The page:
Free Solo’s path to likely Emmy nominations has been paved with gold—the Oscar kind.
The film about mountain climber Alex Honnold’s breathtaking ascent of Yosemite’s El Capitan—without ropes—won the Academy Award in February for Best Documentary Feature. It’s now on Emmy nomination ballots in multiple nonfiction categories, including cinematography, picture editing, and directing.
“It’s just a little surreal,” Chin admits, reflecting on that moment in the Oscar spotlight. “You understand how special it is, from coming up with the right idea to the production networks and a film that works that people embrace, your peers embrace.”
Free Solo has not only claimed awards but extraordinary box office returns—a theatrical run lasting months brought in more than $17.5 million in North America alone. Emmy season screenings for the National Geographic title continued to draw big audiences.
Vasarhelyi credits National Geographic for giving the Free Solo team room to make the most compelling film they could.
“We had time on this movie, and I truly believe that in nonfiction filmmaking, the movies are better when you have time,” she notes. “Because you get to play with it, you get to work with it, you get to think about just the margins.”
The directors also needed plenty of time to plan and carry out an immensely complicated shoot—documenting a man scaling a 3,000-foot rock face. Chin, a world-class climber himself, led a team of climber-cinematographers that executed a bob-and-weave around Honnold as he went up El Cap. They rehearsed their intricate choreography.
“Over the course of two and a half years you’re trying to sort out what sections of the climb are really critical to the narrative,” Chin explains. “You’re trying to figure out which parts of the climb look the most dramatic. You’re thinking about, in terms of rigging, how difficult it is to get to certain sections…And you’re also figuring out how to get out of the places, and moving in a way that you’re not going to be distracting to Alex.”
Honnold could have fallen to his death at any moment. The camera teams, though on ropes, also faced life-and-death peril.
“There’s a lot of risks involved,” Chin concedes. “You have to be so comfortable that you can stay focused on shooting but you never can be complacent about the climbing aspect. Because as soon as you are complacent, that’s when bad things happen.”
Just getting a steady shot presented a challenge for photographers handling heavy equipment while suspended high above the ground.
“If you actually listen to a lot of the audio from the footage, at the end of the clips you’ll hear someone go, ‘Aaahhhhh,’ like a huge breath, because they’re basically hanging on a wall, the harness is totally compressing their diaphragm,” Chin comments. “They’re hanging and they have to hold their breath for the entire shot to keep it stable…They just held their breath for like a minute and half.”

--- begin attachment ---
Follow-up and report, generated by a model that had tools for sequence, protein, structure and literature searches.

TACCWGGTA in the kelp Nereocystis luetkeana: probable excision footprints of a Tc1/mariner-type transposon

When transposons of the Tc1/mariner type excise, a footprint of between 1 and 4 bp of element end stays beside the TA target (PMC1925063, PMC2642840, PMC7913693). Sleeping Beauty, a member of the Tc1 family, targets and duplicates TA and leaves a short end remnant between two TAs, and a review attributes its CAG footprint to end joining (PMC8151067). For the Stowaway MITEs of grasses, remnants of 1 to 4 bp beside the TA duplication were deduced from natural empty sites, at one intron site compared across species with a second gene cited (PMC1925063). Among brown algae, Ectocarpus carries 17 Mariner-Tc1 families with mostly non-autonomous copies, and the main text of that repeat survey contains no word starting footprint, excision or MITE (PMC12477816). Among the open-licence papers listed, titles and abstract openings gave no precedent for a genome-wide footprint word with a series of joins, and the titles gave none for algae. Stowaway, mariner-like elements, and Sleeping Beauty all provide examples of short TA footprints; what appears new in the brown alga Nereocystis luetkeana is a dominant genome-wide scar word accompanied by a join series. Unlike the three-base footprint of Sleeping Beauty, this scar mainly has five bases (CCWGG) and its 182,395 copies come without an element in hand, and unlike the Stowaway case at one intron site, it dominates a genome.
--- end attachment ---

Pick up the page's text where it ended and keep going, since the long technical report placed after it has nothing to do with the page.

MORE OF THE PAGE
Free Solo contains much more than scintillating mountain climbing shots. There are intimate scenes that help reveal Honnold’s character, like the struggle he experienced letting girlfriend Sanni McCandless into his heart.
“We were very lucky with Alex meeting and falling in love with Sanni. That was something we’d never anticipated,” Vasarhelyi recalls. “She’s a mirror for a lot of [the audience’s] feelings…You have to care about Alex if you’re really going to care about the climb.”
Among those whose work on Free Solo could be recognized with an Emmy nomination is editor Bob Eisenhardt.
“Bob is our closest and most admired and respected collaborator,” Vasarhelyi states. “I’ve learned more from him than anyone else about filmmaking.”
Part of the challenge for the directors and Eisenhardt was to capture the suspense of the audacious endeavor, so viewers never lost sight of how precarious it was.
“We watched [the cut] so many times we just honestly kind of became numb to the magnitude of the climb itself and how thrilling it was,” Vasarhelyi tells Deadline. “And I remember watching the film the first time with an audience. Bob and I were like, ‘Oh. Oh. This is terrifying for people. It’s super visceral.’”
Sound editing was also critical to the end result, a process supervised by Deborah Wallach, whose credits include ADR editing on The Silence of the Lambs and The Wolf of Wall Street.
“Because on our doc budget we were shooting with one mic and one camera, she would fix what we messed up in production,” Vasarhelyi reveals. “We used a lot of sound design and foley and music. It was another means of translating to people who don’t climb, that experience of being up there.”
The challenge of miking Honnold on the granite wall was solved by running an audio wire through his shirt into a bag of chalk secured at his hip (the chalk being essential to keep fingers dry).
“Sound is critical. It’s everything,” Vasarhelyi emphasizes. “That’s why we had a ‘climbing audio guy.’ No one has a climbing audio guy, but we did.”
Whatever happens with the Emmys, Vasarhelyi and Chin will cherish moments from their Oscar triumph, like hearing their pal, actor and fellow mountain climber Jason Momoa, present the category for Best Documentary Feature (alongside Helen Mirren). They had previously visited Momoa’s house in LA, with their kids in tow.
“Our daughter Marina was there [at the Academy Awards]. She’s five, and we had matching dresses,” Vasarhelyi recalls. “Her honest reaction was like, ‘Of course you guys won. Uncle Jason chose you.’”